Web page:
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VM Inspiration: Isokon and the Lawn Road flats

One sunny day soon rush to see the National Trust’s exhibition of the Isokon building, otherwise known as the Lawn Road flats, and enjoy a touch of visual merchandising inspiration and retro glamour.

The Isokon Gallery, housed in the former car park of the block (a short walk from Belsize Park tube station), showcases a lovely display of Isokon brand furniture, much of it still in production. Also shown are salvaged parts of the original Lawn Road apartments, and documention of their rather infamous past.

Isokon is a conflation of Isometric Unit Construction, with a nod to the admired notions of Constructivism. The business was founded in 1929. 

The 1934-built Grade 1 listed apartments were intended as a model for future city houses and flats. Resembling a cruise ship (the perfect city of the future in contemporaneous modernist architect Le Corbusier’s eyes), Isokon was aninspiration for furniture designer Jack Pritchard (1899 – 1992), who lived with his bacteriologist wife, Molly, on the top floor. Unusually, the Hampstead apartment block, was a radical experiment in social living as well as in housing.

The front door of the top floor apartment provides a taster, covered in a glorious, shiny, copper laminate. It is also the kind of surface that works perfectly as a backdrop in visual merchandising: eye-catchingly bright, but neutral enough to place almost any merchandise in front of it. Tom Dixon is following in celebrated footsteps by using the decorative qualities of copper.

Containing 22 apartments, four double flats, three studio flats, and a large garage the development was intended for maximum utility and comfort. The apartments each had a small kitchenette - it was intended that residents would eat communally in a ground floor dining room. This never really worked and by 1937, when the Isobar was added beside the garage, the 50 residents had become members of the ‘Half Hundred Club,’ for which they paid a monthly subscription.

We might consider the apartment kitchenettes to be rather minimal, but their fitted nature set them well above most small houses of the period. The lined-up saucepans look fantastic.

The Isokon business, which it must be said was never profitable, was helped along by academic and ‘starchitect’ Marcel Breuer (1902 – 1981), who designed the bentwood tables and chairs including the Long chair, above, for Isokon. Specializing in bentwood furniture made in Eastern Europe, the business ran until 1939 when political events stopped supply. It was revived in 1963 with revised elements designed by Ernest Race (1913 - 1964) and remains available (see link below).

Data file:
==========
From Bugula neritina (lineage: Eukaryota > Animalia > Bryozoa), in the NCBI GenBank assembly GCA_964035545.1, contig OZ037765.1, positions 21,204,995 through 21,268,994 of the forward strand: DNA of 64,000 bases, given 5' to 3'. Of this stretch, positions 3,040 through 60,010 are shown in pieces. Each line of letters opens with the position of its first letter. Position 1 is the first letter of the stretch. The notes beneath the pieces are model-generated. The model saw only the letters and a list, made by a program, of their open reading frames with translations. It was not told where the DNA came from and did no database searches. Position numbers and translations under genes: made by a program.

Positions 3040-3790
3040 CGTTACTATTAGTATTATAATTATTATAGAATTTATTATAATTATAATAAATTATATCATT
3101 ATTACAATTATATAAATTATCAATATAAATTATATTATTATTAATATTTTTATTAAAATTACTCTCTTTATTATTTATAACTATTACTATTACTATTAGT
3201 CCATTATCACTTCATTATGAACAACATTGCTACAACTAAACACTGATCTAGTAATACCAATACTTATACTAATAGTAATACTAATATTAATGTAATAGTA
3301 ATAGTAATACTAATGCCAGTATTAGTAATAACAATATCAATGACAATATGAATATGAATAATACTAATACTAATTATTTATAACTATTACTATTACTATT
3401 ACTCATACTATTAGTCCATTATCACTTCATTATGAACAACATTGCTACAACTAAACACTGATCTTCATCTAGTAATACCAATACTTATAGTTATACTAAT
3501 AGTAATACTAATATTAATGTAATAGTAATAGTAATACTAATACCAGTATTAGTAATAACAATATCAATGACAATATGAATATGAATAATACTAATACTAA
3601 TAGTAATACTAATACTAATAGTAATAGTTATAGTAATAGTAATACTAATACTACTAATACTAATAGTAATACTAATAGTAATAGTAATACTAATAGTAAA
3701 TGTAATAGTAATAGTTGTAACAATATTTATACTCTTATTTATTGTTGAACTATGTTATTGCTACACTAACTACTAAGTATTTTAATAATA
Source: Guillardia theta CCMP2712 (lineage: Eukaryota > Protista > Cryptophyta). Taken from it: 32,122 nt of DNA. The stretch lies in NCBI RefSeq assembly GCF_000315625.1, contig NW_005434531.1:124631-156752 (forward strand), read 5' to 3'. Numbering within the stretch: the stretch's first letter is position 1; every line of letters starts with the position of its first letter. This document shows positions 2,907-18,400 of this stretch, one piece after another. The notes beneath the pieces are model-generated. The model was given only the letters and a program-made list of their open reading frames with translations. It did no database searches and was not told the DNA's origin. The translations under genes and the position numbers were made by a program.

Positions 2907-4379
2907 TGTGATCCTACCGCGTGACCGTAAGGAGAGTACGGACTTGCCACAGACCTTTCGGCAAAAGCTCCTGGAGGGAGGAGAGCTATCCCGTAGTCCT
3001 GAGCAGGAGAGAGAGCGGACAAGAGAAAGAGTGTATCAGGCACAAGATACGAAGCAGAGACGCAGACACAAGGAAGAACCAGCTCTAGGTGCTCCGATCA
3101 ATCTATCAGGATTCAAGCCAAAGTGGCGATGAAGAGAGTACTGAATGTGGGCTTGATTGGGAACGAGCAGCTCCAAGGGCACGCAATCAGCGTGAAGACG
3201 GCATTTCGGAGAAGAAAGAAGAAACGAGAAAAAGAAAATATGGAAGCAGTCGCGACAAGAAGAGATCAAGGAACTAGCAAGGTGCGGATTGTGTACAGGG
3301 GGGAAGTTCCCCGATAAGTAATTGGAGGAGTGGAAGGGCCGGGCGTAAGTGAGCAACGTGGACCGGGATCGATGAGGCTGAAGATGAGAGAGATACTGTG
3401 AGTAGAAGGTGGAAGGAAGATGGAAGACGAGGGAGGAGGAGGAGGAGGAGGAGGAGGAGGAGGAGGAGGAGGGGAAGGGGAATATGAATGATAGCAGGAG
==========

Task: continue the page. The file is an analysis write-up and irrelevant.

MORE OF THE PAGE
Aside from the Long chair (retailed by Skandium today), the other iconic item the company produced was the Penguin donkey, designed by Egon Reiss in 1939. Occasionally seen as part of modernist VM window displays, this piece of occasional furniture went through several tweaks to the design but retains its 1930s glamour.

Residents of the building famously included: Walter Gropius, who became Controller of Design for Isokon, living in the apartments for three years before he left for the USA; Bauhaus tutor and designer and painter Mohogy-Nagy; author Agatha Christie, who lived here for some years; and Donald Deutsch, who recruited Cambridge spies including Guy Burgess, Kim Philby, and Anthony Blunt.

In 1972 the building was sold to the local council. It declined considerably and became derelict. It was refurbished by Avanti Architects in 2003, granted Grade 1 listed status, and is now occupied by key workers. Apartments are occasionally for sale.

The exterior is rendered and painted a delicate, pale shrimp pink. To today’s cynical eyes it might look rather like the inter-war brick council blocks that litter London, but remember: it was the first. It is hugely interesting to see that today London’s interwar council blocks are being renovated. Indeed, one visible from the DLR near Shadwell/Limehouse, has recently been rendered… and painted a delicate shrimp pink.

Forget the current passion for Scandi looks that we see in interior-themed VM windows, and enjoy British modernism: Hampstead had it first.

Open Sat and Sun 11- 4pm, until October.